Notwithstanding the Schmidt case and the explicit language of the Interest Act, the Department urges that interest in all condemnation cases should begin to accrue, as it does in "quick-take" condemnation proceedings, only when the condemnor takes possession of the property. The Department recognizes that this was not a "quick-take" proceeding and that the "quick-take" provisions of the Eminent Domain Act (Ill. Rev. Stat. 1975, ch. 47, par. 2.2 et seq.) are inapplicable, but it fails to perceive why a proceeding other than "quick-take" should be treated differently.

The legislature first provided for "quick-take" condemnations in 1957. (Ill. Rev. Stat. 1957, ch. 47, par. 2.2 et seq.) Section 3 of the Interest Act, which, until that time, had been applicable to all condemnation proceedings, was ill suited to meet the special conditions endemic to "quick-take" condemnations. The distinguishing feature of "quick-take" condemnations is that, by providing for the immediate vesting of title to property, it gives the condemnor possession and use of the property before the final verdict ascertaining compensation and before judgment is entered on the compensation award. Section 3 of the Interest Act, which only provided for interest after the verdict or after the judgment, would not have entitled the owner in a "quick-take" proceeding to any interest from the time he actually lost possession and use of the property. Such a result would have conflicted with the long-established rule, founded in equity and in the constitutional dictate of "just compensation," which requires that compensation for property be paid before the condemnor takes possession and, if it is not fully paid, that interest be paid from that time. (Department of Public Works & Buildings v. Exchange National Bank (1975), 61 Ill.2d 346, 349; Leitch v. New York Central R.R. Co. (1944), 388 Ill. 236, 246; Phillips v. South Park Commissioners (1887), 119 Ill. 626, 645.) Consequently, the legislature enacted a provision (applicable only to "quick-takes"), which insured that interest would accrue from the time possession was lost (Ill. Rev. Stat. 1957, ch. 47, par. 2.6). "In enacting section 2.6, the legislature was doubtless motivated by a realization that previously existing provisions for interest were inadequate to the special conditions created by the quick-taking provisions of the law, and the section was enacted to meet these new conditions. The language of the section, however, clearly indicates that it was not intended to preclude interest under section 3 of the Interest Act in cases where it would otherwise be applicable." (Emphasis added.) (Department of Public Works & Buildings v. Larson (1961), 22 Ill.2d 425, 428.) Where the condemnor does not seek possession of the property until after compensation is finally determined and judgment is entered on the condemnation award, the concern which motivated the legislature to supplement the provisions of the Interest Act is nonexistent. Section 3 of the Interest Act, by providing for interest between the date of verdict and the eventual change in possession, fully guarantees that compensation is paid before the owner forfeits possession. In addition, it recognizes, as does the Uniform Eminent Domain Code, that the allowance of interest is a reasonable method for reimbursing the property owner for compensable losses he may sustain by reason of unavoidable delay between the date of the verdict and the actual receipt by him of just compensation to which he is entitled. 13 Uniform Laws Annotated, Uniform Eminent Domain Code sec. 1202, comment, at 132 (master ed. 1975). Also see 3 Nichols, Eminent Domain sec. 8.63 (rev. 3d ed. 1978).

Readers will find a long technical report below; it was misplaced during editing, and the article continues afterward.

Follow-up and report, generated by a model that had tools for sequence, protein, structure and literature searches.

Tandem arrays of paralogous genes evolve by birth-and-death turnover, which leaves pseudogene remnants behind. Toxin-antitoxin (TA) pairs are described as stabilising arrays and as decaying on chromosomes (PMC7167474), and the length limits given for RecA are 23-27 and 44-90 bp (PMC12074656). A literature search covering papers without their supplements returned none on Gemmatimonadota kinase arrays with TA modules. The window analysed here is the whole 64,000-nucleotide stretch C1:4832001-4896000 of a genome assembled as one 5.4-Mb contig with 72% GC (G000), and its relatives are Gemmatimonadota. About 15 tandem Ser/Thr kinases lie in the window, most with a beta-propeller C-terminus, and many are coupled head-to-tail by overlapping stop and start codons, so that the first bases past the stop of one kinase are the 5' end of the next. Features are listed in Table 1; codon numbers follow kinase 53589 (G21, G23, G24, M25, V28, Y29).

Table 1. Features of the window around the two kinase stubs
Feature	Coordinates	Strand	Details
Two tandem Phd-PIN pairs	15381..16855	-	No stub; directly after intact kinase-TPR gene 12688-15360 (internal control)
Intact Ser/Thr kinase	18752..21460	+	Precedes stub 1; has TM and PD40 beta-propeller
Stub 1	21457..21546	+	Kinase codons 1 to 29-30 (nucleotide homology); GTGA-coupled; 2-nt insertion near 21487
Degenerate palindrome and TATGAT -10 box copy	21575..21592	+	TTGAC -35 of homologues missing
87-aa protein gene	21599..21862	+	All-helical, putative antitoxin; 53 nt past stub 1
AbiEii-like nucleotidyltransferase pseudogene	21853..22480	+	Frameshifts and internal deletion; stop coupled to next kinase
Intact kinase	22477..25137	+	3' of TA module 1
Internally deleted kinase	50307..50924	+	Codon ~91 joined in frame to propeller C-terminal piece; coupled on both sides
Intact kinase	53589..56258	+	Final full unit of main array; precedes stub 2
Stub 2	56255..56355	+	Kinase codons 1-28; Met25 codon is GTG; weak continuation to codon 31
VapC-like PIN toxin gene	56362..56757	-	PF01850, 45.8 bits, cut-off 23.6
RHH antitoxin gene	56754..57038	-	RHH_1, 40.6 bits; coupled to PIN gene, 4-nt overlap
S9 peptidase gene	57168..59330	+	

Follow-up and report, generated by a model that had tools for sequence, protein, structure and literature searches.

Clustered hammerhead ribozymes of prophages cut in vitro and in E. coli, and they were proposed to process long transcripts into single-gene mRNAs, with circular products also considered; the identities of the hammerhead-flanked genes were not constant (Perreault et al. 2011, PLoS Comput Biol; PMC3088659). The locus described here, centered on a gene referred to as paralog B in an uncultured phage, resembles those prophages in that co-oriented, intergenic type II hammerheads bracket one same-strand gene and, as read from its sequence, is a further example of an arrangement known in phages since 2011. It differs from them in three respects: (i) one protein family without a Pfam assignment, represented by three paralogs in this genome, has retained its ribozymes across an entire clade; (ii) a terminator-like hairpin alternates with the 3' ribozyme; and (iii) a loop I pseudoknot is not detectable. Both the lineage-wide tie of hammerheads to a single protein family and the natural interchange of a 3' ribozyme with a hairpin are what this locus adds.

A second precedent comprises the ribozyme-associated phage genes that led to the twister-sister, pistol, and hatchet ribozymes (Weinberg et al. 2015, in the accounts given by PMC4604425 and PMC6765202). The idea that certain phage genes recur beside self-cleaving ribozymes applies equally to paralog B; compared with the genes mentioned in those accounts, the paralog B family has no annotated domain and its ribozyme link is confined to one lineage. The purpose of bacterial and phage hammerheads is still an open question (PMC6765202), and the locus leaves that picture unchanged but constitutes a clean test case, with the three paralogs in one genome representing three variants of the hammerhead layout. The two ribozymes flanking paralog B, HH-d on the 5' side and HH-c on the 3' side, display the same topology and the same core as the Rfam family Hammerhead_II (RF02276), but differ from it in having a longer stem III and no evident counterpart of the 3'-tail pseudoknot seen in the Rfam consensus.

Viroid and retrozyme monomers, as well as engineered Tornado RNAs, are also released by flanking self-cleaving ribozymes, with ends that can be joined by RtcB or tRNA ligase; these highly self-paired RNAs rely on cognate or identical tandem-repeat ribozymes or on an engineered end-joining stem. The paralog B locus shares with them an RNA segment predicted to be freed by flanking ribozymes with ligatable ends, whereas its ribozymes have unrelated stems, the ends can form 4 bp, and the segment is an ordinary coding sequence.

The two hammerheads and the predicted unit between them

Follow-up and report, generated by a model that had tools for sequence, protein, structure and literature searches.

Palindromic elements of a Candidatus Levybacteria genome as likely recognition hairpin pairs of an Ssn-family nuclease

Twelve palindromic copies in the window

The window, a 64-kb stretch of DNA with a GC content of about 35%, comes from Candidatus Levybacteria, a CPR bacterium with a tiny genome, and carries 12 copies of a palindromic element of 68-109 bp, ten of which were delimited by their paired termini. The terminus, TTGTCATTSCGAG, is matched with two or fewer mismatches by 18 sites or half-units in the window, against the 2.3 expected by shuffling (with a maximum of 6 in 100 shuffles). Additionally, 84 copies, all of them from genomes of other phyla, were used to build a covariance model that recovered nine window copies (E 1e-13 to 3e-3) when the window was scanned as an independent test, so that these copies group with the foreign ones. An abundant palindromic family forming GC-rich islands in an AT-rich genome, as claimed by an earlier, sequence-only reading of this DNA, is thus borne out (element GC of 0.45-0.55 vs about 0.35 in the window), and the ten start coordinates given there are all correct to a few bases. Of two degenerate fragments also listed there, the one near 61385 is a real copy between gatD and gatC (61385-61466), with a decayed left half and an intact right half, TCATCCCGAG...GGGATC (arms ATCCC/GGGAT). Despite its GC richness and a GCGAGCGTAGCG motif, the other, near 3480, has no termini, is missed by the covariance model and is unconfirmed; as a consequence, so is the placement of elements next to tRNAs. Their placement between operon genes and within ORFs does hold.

For the reasons given, the judgment of the Appellate Court for the Second District is affirmed.

Judgment affirmed.

19790518